Budgerigars, also known as common parakeets or shell parrots, are seed-eating pet birds with long tails that feed on seeds. Wild budgerigars typically feature green and yellow feathers with black scalloped markings on the nape, back, and wings; but skilled breeders have created nearly 30 color variations from wild varieties thanks to genetic mutations.
Gene-adding factors that alter budgerigar colors fall into two broad categories. The dominant grey factor creates birds with a lovely wash of gray that turns blue-based birds more green-gray, while semi-dominant violet factor darkens feather colors of both groups into an eye-catching smokey purple effect – each factor is stunning but violet is particularly captivating.
A sky blue budgerigar with no dark factor is its original hue of bright sky blue; when given one dark factor it turns olive; two dark factors creates an inky shade often mistaken for cobalt or mauve; each level of darkness may also vary slightly among individual birds.
Budgerigars come with their natural palette of green, red, pink and black to create various shades of hues ranging from yellows and whites produced from pigments such as the yellow-hued psittacofulvin and the blue-hued melanin found within their plumage – this creates their natural color scheme.
Although not as colorful as other members of the parrot family, the budgerigar has its own distinct beauty that many people appreciate. Native to Australia and grasslands across this continent, its beak and flexible tongue are perfectly tailored for its diet of seeds, grains and nuts.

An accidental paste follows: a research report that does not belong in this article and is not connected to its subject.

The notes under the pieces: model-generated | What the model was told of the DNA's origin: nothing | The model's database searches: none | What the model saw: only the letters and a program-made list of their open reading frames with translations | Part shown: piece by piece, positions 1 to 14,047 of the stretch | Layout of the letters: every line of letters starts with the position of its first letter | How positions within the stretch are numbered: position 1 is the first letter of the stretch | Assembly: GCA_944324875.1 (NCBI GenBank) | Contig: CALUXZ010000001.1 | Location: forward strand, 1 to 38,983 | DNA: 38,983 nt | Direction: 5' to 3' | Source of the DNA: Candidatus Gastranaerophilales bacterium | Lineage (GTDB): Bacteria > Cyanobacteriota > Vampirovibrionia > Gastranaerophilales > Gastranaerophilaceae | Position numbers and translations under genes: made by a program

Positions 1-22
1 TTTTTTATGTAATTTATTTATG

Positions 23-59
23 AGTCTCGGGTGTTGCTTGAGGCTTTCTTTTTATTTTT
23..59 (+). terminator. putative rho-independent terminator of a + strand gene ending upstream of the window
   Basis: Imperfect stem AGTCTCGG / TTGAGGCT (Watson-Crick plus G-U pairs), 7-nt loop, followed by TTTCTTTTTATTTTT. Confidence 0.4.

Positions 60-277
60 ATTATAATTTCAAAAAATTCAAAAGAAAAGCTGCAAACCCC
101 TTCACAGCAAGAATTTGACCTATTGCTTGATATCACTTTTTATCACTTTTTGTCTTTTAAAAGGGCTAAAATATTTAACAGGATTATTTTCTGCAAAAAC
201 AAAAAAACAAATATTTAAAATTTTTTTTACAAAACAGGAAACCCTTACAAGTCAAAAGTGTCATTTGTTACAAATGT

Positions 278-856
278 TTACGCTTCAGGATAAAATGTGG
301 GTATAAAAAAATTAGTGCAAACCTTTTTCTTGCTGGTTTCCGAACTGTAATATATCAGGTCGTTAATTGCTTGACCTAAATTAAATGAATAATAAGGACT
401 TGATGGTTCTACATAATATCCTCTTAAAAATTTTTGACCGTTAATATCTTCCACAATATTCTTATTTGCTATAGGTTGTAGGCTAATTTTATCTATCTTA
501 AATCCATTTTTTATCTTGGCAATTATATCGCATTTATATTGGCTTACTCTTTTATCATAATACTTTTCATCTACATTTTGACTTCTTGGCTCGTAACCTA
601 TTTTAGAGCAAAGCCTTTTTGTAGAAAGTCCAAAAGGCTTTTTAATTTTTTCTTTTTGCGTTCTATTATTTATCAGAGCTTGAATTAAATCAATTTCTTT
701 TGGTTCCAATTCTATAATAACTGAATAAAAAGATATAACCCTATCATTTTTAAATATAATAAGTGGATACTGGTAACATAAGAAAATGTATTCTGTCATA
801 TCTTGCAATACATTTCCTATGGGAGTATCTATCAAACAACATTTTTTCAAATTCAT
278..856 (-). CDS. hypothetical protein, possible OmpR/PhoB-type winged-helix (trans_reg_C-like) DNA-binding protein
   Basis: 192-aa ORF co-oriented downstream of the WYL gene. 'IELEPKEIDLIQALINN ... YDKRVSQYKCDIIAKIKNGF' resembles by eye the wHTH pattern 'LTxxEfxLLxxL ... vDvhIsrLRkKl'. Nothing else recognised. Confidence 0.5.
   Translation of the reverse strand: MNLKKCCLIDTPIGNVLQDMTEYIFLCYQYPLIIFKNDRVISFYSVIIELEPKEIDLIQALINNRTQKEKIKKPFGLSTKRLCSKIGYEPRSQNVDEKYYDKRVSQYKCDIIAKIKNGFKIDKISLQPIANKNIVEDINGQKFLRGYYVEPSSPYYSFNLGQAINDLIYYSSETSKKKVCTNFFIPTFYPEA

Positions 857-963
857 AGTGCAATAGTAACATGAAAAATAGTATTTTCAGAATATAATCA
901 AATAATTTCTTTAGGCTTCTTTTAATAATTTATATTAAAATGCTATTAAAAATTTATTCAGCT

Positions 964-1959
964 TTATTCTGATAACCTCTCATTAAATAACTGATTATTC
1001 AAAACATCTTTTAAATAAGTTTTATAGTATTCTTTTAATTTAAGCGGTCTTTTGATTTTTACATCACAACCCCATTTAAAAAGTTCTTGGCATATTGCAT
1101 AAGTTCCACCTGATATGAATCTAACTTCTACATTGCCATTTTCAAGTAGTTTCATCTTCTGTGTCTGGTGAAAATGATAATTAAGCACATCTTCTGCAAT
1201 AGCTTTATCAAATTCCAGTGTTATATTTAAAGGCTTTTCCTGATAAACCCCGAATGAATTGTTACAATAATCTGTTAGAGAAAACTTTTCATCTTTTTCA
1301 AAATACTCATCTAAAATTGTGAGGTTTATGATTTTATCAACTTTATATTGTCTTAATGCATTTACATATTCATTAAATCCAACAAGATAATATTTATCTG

As is typical with parrots, budgerigars are social birds that form large flocks to forage for food, raise their young, interact socially among themselves by preening and chirping, as well as create long-term bonds with human companions through breeding programs and close living quarters. Budgerigars make popular pets; often living for years together before becoming close with one or more humans in their colony.
Budgerigars in the wild are monogamous birds that lay six to eight eggs twice annually, living up to 12 years in captivity. Due to their unique zygodactyl toes (two front and two back), these birds make excellent climbers who use perches and branches effectively for perching purposes. Long tails enable them to maintain balance when moving through the forest canopy. These attractive birds are highly social and can even be taught to speak and play games! Budgerigars are hardy birds that adapt well to many climates, yet excel in warm areas like India, tropical Australia and southern Africa. Not only is the budgerigar easy to care for and train; it also makes an excellent pet for children as well as adults; apartment dwellers or those without backyard gardens will find one an excellent addition.